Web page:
Political Activism, COVID-19, And Labor Law

Constangy, Brooks, Smith & Prophete, LLP

Constangy, Brooks, Smith & Prophete, LLP

This information could come in handy for employers.

The National Labor Relations Board has made public three Advice letters dealing with the two hottest topics of our times: Political activism, and COVID-19. In each case, a Board Region Office had asked the NLRB Advice division how to handle.

Political activism: What is and isn't protected

First up is a case that involved an employee of a local of the United Food and Commercial Workers union. The employee was discharged from his* position with the UFCW (allegedly) because he was also a Maryland state legislator who was "working on police transparency and accountability legislation." The employee was a union representative for "uniformed police officers" among others.

*The public version of the NLRB letter redacts the gender of the employee. To avoid having to say "he or she" throughout this discussion, I'm going to refer to the employee as a "he." But, just so you know, "they" might be a woman.

According to the Advice letter, political activity can be protected under the National Labor Relations Act, but only "if it relates in some demonstrable way to employee concerns over wages, hours, or working conditions." In other words, there must be "a nexus between what is being advocated and employee terms and conditions of employment."

In this case, the letter said, the employee's political activity had nothing to do with his employment. (In fact, it sounds to me like there may have been a conflict of interest, given his representation of police officers and his political activity -- and that may have been the reason he was discharged.) "Instead, the evidence shows that the [employee] acted in the interest of the community at large and in furtherance of [his] own political agenda . . .."

I blogged about a similar issue a while back (scroll down to letter from "I Beg to Differ"), using the example of employees who engage in peaceful protesting against systemic racism. If the protest has to do with alleged racism in the workplace, then the protesting might be protected under the NLRA and also, maybe, Title VII. But if the employees are protesting racism in society, then the activity may not be protected.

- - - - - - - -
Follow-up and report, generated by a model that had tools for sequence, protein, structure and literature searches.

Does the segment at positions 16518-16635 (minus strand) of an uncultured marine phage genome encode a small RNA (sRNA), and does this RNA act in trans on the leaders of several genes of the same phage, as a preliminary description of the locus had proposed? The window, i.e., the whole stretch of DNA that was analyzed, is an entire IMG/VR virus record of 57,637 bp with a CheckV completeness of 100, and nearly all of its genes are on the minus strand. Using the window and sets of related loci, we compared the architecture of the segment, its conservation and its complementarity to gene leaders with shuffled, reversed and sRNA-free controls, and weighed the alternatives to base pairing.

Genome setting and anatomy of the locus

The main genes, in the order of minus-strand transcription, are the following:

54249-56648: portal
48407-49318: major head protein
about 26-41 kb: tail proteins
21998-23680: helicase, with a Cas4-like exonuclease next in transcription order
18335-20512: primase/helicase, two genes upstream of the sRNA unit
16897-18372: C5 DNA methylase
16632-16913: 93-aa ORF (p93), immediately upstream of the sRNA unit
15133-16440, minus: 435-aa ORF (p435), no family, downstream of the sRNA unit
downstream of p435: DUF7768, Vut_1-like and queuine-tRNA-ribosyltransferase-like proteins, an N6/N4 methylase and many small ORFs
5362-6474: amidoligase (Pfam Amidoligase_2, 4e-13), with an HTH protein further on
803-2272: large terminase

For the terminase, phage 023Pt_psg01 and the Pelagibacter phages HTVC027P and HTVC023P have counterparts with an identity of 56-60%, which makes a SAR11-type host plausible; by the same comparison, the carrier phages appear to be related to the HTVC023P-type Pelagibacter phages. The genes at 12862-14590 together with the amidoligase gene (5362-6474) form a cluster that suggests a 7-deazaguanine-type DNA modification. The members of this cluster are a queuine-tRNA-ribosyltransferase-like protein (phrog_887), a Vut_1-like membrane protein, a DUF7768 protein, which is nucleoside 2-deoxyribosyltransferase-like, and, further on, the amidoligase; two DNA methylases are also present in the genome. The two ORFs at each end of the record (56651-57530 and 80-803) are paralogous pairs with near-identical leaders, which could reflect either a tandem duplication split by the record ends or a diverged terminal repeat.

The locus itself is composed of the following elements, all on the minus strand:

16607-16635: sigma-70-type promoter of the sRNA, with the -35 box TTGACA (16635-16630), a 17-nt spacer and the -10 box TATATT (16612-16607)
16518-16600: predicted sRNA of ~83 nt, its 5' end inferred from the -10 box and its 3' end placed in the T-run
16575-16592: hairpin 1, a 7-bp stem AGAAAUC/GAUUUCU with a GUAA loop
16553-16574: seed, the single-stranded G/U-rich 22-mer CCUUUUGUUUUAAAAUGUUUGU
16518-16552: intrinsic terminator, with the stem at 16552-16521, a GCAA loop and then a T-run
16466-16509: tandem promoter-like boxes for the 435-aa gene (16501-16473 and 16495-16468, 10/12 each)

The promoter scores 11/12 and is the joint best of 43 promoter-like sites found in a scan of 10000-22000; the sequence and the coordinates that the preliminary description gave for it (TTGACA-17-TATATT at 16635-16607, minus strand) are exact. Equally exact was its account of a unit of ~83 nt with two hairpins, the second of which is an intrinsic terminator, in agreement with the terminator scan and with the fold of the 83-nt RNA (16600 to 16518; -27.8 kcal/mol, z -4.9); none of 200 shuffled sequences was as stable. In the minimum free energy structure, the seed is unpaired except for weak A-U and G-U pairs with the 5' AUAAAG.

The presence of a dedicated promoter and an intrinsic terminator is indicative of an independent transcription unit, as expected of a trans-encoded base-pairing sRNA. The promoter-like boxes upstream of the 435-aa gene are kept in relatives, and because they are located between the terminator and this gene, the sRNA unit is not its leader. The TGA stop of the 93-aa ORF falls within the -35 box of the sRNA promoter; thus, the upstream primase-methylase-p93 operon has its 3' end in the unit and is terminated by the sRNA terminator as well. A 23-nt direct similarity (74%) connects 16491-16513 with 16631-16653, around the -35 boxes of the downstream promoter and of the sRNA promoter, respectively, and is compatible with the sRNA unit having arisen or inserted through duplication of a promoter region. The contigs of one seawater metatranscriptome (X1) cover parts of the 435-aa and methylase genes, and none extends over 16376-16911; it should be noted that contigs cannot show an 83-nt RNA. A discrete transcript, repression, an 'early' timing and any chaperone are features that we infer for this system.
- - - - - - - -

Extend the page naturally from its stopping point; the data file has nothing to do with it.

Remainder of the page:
Duty to bargain over COVID-19 emergency measures

Another hot topic for the '20s! Does an employer have to bargain with the union before undertaking emergency measures to address COVID-19?

Not necessarily.

In a case involving a hospital employer who took measures to comply with COVID-related legal and safety requirements, the Advice division said the employer "should be permitted to, at least initially, act unilaterally during the pandemic so long as its actions are reasonably related to the emergency situation." Once that is done, the employer should begin bargaining over the decision and its effects "within a reasonable time thereafter." In this case, the employer did that, so the Advice division recommended dismissal of the unfair labor practice charge.

The measures taken by the employer initially without bargaining included "[personal protective equipment], visitor restrictions, COVID-related paid leave and time away from work, delegation of [intensive care unit] nurse duties to others, travel reimbursement policy to implement social distancing, event reporting processing for COVID-related events, and assignments/safety protocols for immunocompromised or pregnant staff."

In another case involving an employer's adoption of COVID-related measures (allegedly) without bargaining, the Advice division found that the management-rights clause in the contract gave the employer discretion to take the action without bargaining. In any event, the employer had tried to bargain, but the union was bullheaded, which resulted in an impasse -- and which also gave the employer the right to take the actions unilaterally.

Image Credits: From flickr, Creative Commons license. NLRB logo by Paul Swansen, Mona Lisa (2020 version) by FolsomNatural.

DISCLAIMER: Because of the generality of this update, the information provided herein may not be applicable in all situations and should not be acted upon without specific legal advice based on particular situations.

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